Olympic Diary: The First Cellular Games
Much has been made of London 2012 being the “Connected Olympics.” Indeed, given that the Olympics has, over the past four or five decades, become the regular pinnacle of a four-year cycle of broadcast technology innovation, the BBC's drive to be the first broadcaster to cover everything and deliver to all platforms has really pushed a number of boundaries. With the “unique funding model” behind the BBC, they are also not drawn to only innovate around high-margin ROI focussed on ad placement; instead they are focussed on ensuring that the license payer is satisfied.
And clearly satisfied they are with numbers significantly up on both broadcast and online and both on 'normal' viewing audiences, but also up on the engagement stats focussing on the previous Olympics.
We presented some of these statistics with analysis in another article, but I also wanted to focus attention on something else that has been unique, connected us in a different way to the live action, and something that I have been covering closely in these pages for a little while: This has been the first Olympics that has benefitted from cellular newsgathering techniques with cellular video multiplexers (cellmuxes as i call them) being used widely by not only the BBC but many other broadcasters as well.
I’m guessing that if you watched any coverage using the cellmuxes, unless you are a geek like me (yeah - right audience ;) you probably just got caught up in the action and didn't notice the ground shift in production that the widespread proliferation of these devices has caused. Watching events like the marathons and other events out in the streets of London and the wider UK you may have simply enjoyed the continuous coverage of the leader packs. Following the cycling action closely you may have simply enjoyed the editor’s choice of camera angles of each of the key racers.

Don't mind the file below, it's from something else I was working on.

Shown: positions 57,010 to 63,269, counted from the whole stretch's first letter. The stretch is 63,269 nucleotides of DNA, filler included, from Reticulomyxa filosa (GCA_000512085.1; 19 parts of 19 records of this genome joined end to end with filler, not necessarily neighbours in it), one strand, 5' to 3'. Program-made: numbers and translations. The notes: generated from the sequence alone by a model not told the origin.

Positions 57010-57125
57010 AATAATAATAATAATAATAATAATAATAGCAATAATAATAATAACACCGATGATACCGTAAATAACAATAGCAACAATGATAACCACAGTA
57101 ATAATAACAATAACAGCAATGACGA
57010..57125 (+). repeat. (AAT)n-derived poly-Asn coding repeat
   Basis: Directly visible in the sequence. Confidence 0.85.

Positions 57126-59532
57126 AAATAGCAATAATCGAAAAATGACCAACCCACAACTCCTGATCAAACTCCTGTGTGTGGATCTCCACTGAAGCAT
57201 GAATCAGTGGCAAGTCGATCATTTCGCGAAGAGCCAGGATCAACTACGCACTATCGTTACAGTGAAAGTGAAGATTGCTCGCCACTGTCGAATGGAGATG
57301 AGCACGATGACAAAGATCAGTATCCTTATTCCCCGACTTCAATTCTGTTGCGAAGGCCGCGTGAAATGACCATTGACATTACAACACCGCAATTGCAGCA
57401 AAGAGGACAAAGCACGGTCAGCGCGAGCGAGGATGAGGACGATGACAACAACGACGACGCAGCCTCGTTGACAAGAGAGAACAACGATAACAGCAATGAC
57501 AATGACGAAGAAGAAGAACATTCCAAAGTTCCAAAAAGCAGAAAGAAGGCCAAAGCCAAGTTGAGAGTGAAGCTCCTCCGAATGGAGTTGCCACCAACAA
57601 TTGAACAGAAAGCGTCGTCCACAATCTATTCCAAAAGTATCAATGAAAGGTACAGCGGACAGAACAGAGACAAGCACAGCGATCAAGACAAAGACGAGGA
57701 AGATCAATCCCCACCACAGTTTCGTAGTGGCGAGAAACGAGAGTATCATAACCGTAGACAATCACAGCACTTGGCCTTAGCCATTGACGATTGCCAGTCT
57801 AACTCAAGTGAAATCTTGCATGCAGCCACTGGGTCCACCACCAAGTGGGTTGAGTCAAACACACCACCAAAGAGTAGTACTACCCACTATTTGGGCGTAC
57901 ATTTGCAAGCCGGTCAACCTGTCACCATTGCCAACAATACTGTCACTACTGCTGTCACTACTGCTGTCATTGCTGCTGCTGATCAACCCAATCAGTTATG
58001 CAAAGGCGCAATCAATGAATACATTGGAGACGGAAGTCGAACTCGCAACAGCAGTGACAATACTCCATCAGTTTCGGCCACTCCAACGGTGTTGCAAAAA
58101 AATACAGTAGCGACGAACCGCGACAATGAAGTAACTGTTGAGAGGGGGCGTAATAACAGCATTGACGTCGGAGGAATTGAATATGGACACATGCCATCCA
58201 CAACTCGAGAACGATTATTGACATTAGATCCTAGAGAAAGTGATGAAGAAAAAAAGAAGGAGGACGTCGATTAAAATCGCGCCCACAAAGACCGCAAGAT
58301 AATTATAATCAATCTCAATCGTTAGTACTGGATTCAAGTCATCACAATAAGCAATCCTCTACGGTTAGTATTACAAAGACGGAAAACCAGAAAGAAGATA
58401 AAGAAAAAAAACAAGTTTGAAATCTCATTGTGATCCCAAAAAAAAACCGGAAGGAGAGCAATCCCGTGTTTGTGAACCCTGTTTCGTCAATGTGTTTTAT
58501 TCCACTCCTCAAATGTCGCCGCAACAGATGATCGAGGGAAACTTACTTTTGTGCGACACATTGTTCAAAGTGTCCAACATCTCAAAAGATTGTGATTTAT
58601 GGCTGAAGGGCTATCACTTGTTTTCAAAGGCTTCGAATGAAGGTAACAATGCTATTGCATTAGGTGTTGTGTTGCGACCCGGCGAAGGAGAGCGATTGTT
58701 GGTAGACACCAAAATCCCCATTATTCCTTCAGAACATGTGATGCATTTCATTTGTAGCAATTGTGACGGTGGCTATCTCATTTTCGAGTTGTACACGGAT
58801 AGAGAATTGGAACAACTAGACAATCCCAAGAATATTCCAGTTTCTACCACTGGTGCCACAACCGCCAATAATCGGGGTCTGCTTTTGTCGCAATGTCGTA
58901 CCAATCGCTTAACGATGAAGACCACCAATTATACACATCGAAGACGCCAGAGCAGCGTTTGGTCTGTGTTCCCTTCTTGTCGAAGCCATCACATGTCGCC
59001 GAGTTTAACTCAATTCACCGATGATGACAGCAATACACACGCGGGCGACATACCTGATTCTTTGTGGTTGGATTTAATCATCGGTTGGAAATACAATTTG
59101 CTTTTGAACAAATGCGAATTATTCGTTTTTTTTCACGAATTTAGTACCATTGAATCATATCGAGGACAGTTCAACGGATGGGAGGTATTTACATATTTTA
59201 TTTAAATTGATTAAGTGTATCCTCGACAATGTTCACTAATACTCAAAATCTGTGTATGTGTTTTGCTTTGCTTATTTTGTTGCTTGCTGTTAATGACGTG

But think back to previous Olympics. Events like this were only covered from specific locations and showed only the leader packs passing from a static camera point of view. Occasionally a flaky broken signal would settle out, and the editor would give it a few moments live, and we would have a few shots from the chase car as it managed to get a stable CODFM radio or microwave link back to a base hook up in a nearby sat truck and over a range of a few hundred yards. You may even have seen the leaders followed by helicopter in a very big budget event, but again with that familiar sudden break up image.
However what we have seen this week, from so many events, is live follow-cams. And not only following leaders but following fellow teammates further down the pack, or covering particular athletes as they pass specific goals of their own. The engagement has been so much deeper, and this is because of a technology change that has been directly enabled by streaming media in general and the cellular multiplexer more specifically.
Without IP packet-encoded video we would have struggled to get video over multiple cellular links. Multiplexing is certainly trivial on IP compared to other networks that have been traditionally used for the high-bandwidth demands of live broadcast video. The bonding effect of the demultiplexer at the remote end means that the "perfect storm" of H.264 encoding (suited to circa 1.4Mbps of bandwidth) and the fact that most areas are covered with multiple cellular networks has led to a tipping point in production. But quite a sublime one. Have you really appreciated it? As StreamingMedia readers I would imagine all your focus has been on the distribution issues—the CDN work, the video formats encoded for what devices, and all the great new markets that our technology have created. But often its an adjunct to broadcast; broadcasters on the whole are typically cynical about internet video, citing it as inferior and accessory video, with the "real" technology being the expensive non-IP broadcast kit.